History looks set to be repeating itself this summer as Matteo Berrettini has retained his Queen’s title ahead of another promising Wimbledon campaign.
The world No. 11 defeated Serbian Filip Krajinovic in straight sets on Sunday 7-5, 6-4 as he began to follow in his own footsteps from last summer. The Italian went all the way to the final in 2021 for the first time in his career across any Grand Slam tournament. Unfortunately he was beaten by Novak Djokovic over four sets on Centre Court, denying a fairytale summer for him and his nation after the men’s football team won Euro 2020 and sprinter Lamont Jacobs plundered 100m gold at the Tokyo Games.
Berrettini’s latest success in Kensington is certainly impressive. In recent months, while his rivals were keeping themselves busy throughout the clay court season, he was having surgery on a finger, patiently waiting for his return to action and it has definitely paid off. With the pressures of returning to Queen’s as the reigning champion and coming back from injury, Berrettini has made it look easy with his sublime performances back on the grass.
Just like last year, he has marked himself as a top contender for Wimbledon after showing excellent form in W14. He has joined a prestigious list of players who have been able to retain the title in the past including Andy Murray, Andy Roddick, Lleyton Hewitt, Ivan Lendl, Boris Becker, Jimmy Connors and John McEnroe - all of whom spent time as a world No. 1.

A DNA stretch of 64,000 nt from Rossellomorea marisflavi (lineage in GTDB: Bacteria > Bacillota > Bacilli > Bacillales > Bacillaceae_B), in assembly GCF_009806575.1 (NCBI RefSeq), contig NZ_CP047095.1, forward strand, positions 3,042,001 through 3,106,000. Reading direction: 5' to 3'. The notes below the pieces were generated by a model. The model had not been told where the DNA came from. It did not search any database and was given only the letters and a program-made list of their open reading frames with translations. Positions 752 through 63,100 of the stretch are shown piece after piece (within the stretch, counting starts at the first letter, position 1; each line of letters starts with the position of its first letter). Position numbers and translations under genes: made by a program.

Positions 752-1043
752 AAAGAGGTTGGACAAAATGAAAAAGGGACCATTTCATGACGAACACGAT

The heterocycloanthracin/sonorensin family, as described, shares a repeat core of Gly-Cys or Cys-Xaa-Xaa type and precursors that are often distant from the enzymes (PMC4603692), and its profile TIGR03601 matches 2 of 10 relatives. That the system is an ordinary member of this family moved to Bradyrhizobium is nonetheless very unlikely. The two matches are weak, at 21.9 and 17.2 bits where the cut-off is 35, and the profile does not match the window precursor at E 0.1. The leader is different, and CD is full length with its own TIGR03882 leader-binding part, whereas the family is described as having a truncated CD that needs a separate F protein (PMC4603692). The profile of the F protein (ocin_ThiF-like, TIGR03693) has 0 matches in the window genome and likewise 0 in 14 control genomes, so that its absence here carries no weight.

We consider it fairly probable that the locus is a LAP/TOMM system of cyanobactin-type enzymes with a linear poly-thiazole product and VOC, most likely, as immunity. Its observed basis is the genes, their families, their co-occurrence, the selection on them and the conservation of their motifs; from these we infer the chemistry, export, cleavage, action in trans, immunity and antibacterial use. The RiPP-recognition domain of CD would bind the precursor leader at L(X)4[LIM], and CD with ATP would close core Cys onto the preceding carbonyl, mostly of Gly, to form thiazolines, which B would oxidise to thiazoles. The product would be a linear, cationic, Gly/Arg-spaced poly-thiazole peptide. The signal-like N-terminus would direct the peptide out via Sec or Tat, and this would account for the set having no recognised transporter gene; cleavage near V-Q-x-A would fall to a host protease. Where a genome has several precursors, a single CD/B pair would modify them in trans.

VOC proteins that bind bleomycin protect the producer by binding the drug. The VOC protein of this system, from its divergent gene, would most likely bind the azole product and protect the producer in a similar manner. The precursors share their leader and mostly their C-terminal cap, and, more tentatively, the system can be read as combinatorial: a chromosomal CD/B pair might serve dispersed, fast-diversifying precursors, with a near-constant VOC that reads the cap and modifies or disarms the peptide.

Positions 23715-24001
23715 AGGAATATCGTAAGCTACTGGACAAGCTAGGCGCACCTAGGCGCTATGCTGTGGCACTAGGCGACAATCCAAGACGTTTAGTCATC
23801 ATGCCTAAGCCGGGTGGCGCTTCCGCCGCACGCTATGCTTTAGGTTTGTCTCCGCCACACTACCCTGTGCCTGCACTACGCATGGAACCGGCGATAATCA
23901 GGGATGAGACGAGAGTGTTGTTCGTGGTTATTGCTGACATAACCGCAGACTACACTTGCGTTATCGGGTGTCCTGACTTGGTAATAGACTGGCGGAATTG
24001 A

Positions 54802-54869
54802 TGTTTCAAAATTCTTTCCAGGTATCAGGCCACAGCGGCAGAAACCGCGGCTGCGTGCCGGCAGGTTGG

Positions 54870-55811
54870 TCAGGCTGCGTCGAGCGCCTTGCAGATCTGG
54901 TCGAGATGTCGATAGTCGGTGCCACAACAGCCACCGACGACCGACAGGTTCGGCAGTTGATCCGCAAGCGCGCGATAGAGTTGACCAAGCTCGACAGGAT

The 26-year-old’s absence from the clay season seems to have had no impact on his form as he has now won two titles back-to-back, having won in Stuttgart before Queen’s, where he defeated Murray in the final. He is now on a nine-match winning streak and his confidence will be growing ahead of a return to SW19 where he will be hoping and thinking he can go one step further than he did last year.
The grass is greener in his eyes in terms of his favourite playing surface but Berrettini is definitely an all-court player and always appears well adapted to wherever he plays. Both his service and forehand are a danger in any setting and his rivals will not want to be facing him early at Wimbledon later this month.
He will be back with a mission to emerge as the champion this time around and he is going to be more equipped to go all the way than he was previously. Obviously, his journey to the final in 2021 was incredible but he was inexperienced and had only progressed as far as the fourth round in his career.
Now he’s got a major final under his belt along with a semi-final appearance at the Australian Open earlier this year, which will have him better prepared for another crack at the Wimbledon title this year. And with those two consecutive titles he has won in the build-up, he looks set to have the perfect concoction of form and experience to give him his best chance of securing a first ever Grand Slam title.
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